4 February 1999 Surface-enhanced resonance Raman scattering (SERRS) spectroscopy: a powerful technique for the forensic analysis of colorants?
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Proceedings Volume 3576, Investigation and Forensic Science Technologies; (1999) https://doi.org/10.1117/12.334517
Event: Enabling Technologies for Law Enforcement and Security, 1998, Boston, MA, United States
Abstract
During the past five years work in our laboratory has been concentrated on developing SERRS spectroscopy and making it a simple and robust technique for the analyses of colorants. It has proved to be highly discriminative, extremely sensitive and possible to identify dyes in mixtures without their prior separation. Additionally, by using concentrated silver colloid solutions, in-situ analyses have now been accomplished with minimal or in some cases no visual destruction of the item being examined and with virtually no background interference from the surfaces on which the stains or smears have been deposited. To illustrate the methodology and the potential of SERRS various applications including the in-situ analyses of the dyes on cotton fibers and stains from cosmetics, shoe polishes, inks and drinks on various surfaces are presented.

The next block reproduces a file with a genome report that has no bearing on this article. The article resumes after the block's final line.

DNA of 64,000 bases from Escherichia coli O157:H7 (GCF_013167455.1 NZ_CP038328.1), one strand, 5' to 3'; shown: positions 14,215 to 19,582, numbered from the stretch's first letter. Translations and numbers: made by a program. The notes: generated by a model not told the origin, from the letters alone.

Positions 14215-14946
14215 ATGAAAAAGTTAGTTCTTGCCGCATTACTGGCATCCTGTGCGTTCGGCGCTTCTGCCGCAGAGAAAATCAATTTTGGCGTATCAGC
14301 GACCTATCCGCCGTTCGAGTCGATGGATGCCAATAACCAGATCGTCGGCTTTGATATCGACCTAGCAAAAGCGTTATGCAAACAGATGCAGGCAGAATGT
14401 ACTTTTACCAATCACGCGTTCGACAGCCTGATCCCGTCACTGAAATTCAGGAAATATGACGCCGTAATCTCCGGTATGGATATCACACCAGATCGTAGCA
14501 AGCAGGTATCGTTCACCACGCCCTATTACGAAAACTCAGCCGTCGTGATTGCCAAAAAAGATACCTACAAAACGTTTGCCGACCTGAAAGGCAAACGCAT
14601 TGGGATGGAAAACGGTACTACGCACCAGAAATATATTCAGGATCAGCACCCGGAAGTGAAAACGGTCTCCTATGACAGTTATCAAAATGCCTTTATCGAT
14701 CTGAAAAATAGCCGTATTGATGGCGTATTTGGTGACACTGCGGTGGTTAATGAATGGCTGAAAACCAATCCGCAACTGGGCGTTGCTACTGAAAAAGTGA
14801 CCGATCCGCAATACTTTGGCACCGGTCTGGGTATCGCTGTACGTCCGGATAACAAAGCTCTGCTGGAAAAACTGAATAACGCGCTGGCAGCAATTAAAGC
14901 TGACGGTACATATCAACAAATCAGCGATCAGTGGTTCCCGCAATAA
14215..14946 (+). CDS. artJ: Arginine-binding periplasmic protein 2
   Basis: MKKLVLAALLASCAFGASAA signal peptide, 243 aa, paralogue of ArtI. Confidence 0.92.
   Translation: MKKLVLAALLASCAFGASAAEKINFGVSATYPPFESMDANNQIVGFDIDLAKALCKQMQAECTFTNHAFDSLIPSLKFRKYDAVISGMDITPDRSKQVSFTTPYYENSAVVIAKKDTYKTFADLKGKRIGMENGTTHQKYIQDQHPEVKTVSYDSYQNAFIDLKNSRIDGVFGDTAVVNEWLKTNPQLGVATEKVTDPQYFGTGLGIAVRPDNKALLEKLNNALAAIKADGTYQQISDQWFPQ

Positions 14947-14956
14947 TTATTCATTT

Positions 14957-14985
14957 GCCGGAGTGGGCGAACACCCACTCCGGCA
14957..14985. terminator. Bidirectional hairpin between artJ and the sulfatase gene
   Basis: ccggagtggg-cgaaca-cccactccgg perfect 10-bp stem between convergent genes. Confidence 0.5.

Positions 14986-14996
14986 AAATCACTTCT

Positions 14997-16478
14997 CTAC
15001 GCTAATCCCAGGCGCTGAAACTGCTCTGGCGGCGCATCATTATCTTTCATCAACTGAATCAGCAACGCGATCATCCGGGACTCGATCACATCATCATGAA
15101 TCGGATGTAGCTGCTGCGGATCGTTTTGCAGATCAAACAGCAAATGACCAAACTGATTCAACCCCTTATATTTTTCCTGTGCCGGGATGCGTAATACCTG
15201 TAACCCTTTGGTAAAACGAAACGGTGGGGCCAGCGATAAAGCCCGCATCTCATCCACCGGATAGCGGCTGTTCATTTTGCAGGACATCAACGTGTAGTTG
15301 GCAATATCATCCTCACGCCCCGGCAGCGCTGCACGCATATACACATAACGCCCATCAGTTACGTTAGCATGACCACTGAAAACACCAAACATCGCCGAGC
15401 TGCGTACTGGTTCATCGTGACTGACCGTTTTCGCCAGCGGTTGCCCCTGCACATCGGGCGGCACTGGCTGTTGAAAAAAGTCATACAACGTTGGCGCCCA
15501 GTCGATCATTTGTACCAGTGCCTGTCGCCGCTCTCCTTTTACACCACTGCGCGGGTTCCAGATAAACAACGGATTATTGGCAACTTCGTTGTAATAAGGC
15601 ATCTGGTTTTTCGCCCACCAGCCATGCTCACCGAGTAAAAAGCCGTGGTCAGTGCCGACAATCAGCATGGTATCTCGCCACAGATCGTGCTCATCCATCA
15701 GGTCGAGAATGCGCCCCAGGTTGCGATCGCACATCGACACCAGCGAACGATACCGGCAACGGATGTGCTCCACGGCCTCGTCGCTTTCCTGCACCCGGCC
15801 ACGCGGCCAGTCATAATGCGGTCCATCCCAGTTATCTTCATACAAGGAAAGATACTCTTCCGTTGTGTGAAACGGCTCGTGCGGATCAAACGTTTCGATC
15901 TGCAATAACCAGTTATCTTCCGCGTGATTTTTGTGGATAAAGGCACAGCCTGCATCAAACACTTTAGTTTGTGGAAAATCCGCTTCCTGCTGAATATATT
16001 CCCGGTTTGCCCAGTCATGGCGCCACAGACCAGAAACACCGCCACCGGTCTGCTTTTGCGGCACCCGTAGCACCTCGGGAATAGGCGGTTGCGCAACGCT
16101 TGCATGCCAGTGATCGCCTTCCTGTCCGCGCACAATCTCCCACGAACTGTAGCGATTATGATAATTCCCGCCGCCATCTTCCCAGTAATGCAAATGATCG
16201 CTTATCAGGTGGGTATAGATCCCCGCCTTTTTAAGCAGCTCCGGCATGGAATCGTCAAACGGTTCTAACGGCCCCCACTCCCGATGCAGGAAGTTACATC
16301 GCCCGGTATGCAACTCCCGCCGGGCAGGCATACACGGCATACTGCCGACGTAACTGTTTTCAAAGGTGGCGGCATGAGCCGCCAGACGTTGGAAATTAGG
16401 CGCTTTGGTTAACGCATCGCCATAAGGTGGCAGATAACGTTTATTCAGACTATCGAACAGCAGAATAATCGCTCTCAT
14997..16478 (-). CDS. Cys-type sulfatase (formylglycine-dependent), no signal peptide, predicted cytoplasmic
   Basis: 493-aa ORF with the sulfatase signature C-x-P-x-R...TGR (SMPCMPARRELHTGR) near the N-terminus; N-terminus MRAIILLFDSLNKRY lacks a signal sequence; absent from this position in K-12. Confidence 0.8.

© (1999) COPYRIGHT Society of Photo-Optical Instrumentation Engineers (SPIE). Downloading of the abstract is permitted for personal use only.
Peter C. White, Caroline Rodger, Vicky Rutherford, Yvonne Finnon, W. Ewen Smith, Mary P. Fitzgerald, "Surface-enhanced resonance Raman scattering (SERRS) spectroscopy: a powerful technique for the forensic analysis of colorants?", Proc. SPIE 3576, Investigation and Forensic Science Technologies, (4 February 1999); doi: 10.1117/12.334517; https://doi.org/10.1117/12.334517
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